GURPLE AND PREEN

A BROKEN CRAYON COSMIC ADVENTURE

A bumpy ride to a worthy message that’s still worth the trip.

Seemingly insurmountable problems are defeated one step at a time.

Gurple, a purple robot, is bereft. Her spaceship has crashed, and all the giant crayons that serve as cargo pods have spilled out. Each crayon, when broken in half, might yield something to fix the ship, but to Gurple’s consternation their contents seem useless. Only Preen, Gurple’s faithful, mostly silent companion sees this “junk” for what it is. A string of lights, a skateboard, a hockey stick, and even a lampshade all have their uses. When the ship’s multiracial human crew awakens from suspended animation, the ship is fixed. How? As Gurple translates for Preen, “the way you do anything hard…step by step by step.” Seeming chaos can overwhelm young and old alike, so Park’s message to take it slow should be appreciated by all (she even works in a clever reference to Anne Lamotte’s classic writing manual, Bird by Bird). Readers who peer closely at the logic of the book, though, may find themselves scratching their heads. Why do the crayons yield such disparate, unrelated items? Who is the kid staring out the window at the moon at the end of the book? Fortunately, the lively cartoon art, featuring digitally collaged crayons, is consistently bright, colorful, and funny. (This book was reviewed digitally with 11-by-17-inch double-page spreads viewed at 53% of actual size.)

A bumpy ride to a worthy message that’s still worth the trip. (Picture book. 4-7)

Pub Date: Aug. 25, 2020

ISBN: 978-1-5344-3141-6

Page Count: 48

Publisher: Simon & Schuster

Review Posted Online: June 15, 2020

Kirkus Reviews Issue: July 1, 2020

ON THE FIRST DAY OF KINDERGARTEN

While this is a fairly bland treatment compared to Deborah Lee Rose and Carey Armstrong-Ellis’ The Twelve Days of...

Rabe follows a young girl through her first 12 days of kindergarten in this book based on the familiar Christmas carol.

The typical firsts of school are here: riding the bus, making friends, sliding on the playground slide, counting, sorting shapes, laughing at lunch, painting, singing, reading, running, jumping rope, and going on a field trip. While the days are given ordinal numbers, the song skips the cardinal numbers in the verses, and the rhythm is sometimes off: “On the second day of kindergarten / I thought it was so cool / making lots of friends / and riding the bus to my school!” The narrator is a white brunette who wears either a tunic or a dress each day, making her pretty easy to differentiate from her classmates, a nice mix in terms of race; two students even sport glasses. The children in the ink, paint, and collage digital spreads show a variety of emotions, but most are happy to be at school, and the surroundings will be familiar to those who have made an orientation visit to their own schools.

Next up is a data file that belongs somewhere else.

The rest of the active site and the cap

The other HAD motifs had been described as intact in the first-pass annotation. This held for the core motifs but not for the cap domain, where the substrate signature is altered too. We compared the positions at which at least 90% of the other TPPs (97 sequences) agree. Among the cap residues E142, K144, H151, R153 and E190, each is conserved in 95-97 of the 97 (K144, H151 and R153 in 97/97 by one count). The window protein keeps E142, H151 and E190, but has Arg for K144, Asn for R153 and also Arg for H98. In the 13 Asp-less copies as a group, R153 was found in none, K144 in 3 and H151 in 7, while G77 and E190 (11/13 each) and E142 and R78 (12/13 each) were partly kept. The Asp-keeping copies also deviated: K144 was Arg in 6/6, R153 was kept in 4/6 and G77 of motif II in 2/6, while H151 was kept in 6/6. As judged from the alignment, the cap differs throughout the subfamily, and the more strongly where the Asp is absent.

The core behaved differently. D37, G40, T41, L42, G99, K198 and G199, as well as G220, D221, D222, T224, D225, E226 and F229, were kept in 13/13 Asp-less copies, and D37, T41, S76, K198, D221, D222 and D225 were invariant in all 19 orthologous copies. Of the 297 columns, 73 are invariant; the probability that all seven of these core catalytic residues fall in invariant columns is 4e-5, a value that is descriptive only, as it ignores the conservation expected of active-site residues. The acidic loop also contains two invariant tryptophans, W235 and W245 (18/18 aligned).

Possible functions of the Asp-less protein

While this is a fairly bland treatment compared to Deborah Lee Rose and Carey Armstrong-Ellis’ The Twelve Days of Kindergarten (2003), it basically gets the job done. (Picture book. 4-7)

Pub Date: June 21, 2016

ISBN: 978-0-06-234834-0

Page Count: 32

Publisher: Harper/HarperCollins

Review Posted Online: May 3, 2016

Kirkus Reviews Issue: June 1, 2016

BUDDY'S NEW BUDDY

From the Growing With Buddy series , Vol. 3

Making friends isn’t always this easy and convenient.

How do you make a new friend when an old one moves away?

Buddy (from Sorry, Grown-Ups, You Can’t Go to School, 2019, etc.) is feeling lonely. His best friend just moved across town. To make matters worse, there is a field trip coming up, and Buddy needs a bus partner. His sister, Lady, has some helpful advice for making a new pal: “You just need to find something you have in common.” Buddy loves the game Robo Chargers and karate. Surely there is someone else who does, too! Unfortunately, there isn’t. However, when a new student arrives (one day later) and asks everyone to call her Sunny instead of Alison, Buddy gets excited. No one uses his given name, either; they just call him Buddy. He secretly whispers his “real, official name” to Sunny at lunch—an indication that a true friendship is being formed. The rest of the story plods merrily along, all pieces falling exactly into place (she even likes Robo Chargers!), accompanied by Bowers’ digital art, a mix of spot art and full-bleed illustrations. Friendship-building can be an emotionally charged event in a child’s life—young readers will certainly see themselves in Buddy’s plight—but, alas, there is not much storytelling magic to be found. Buddy and his family are White, Sunny and Mr. Teacher are Black, and Buddy’s other classmates are racially diverse. (This book was reviewed digitally.)

Making friends isn’t always this easy and convenient. (Picture book. 4-7)

Pub Date: July 12, 2022

ISBN: 978-0-593-30709-0

Page Count: 40

Publisher: Random House

Review Posted Online: March 29, 2022

Kirkus Reviews Issue: April 15, 2022

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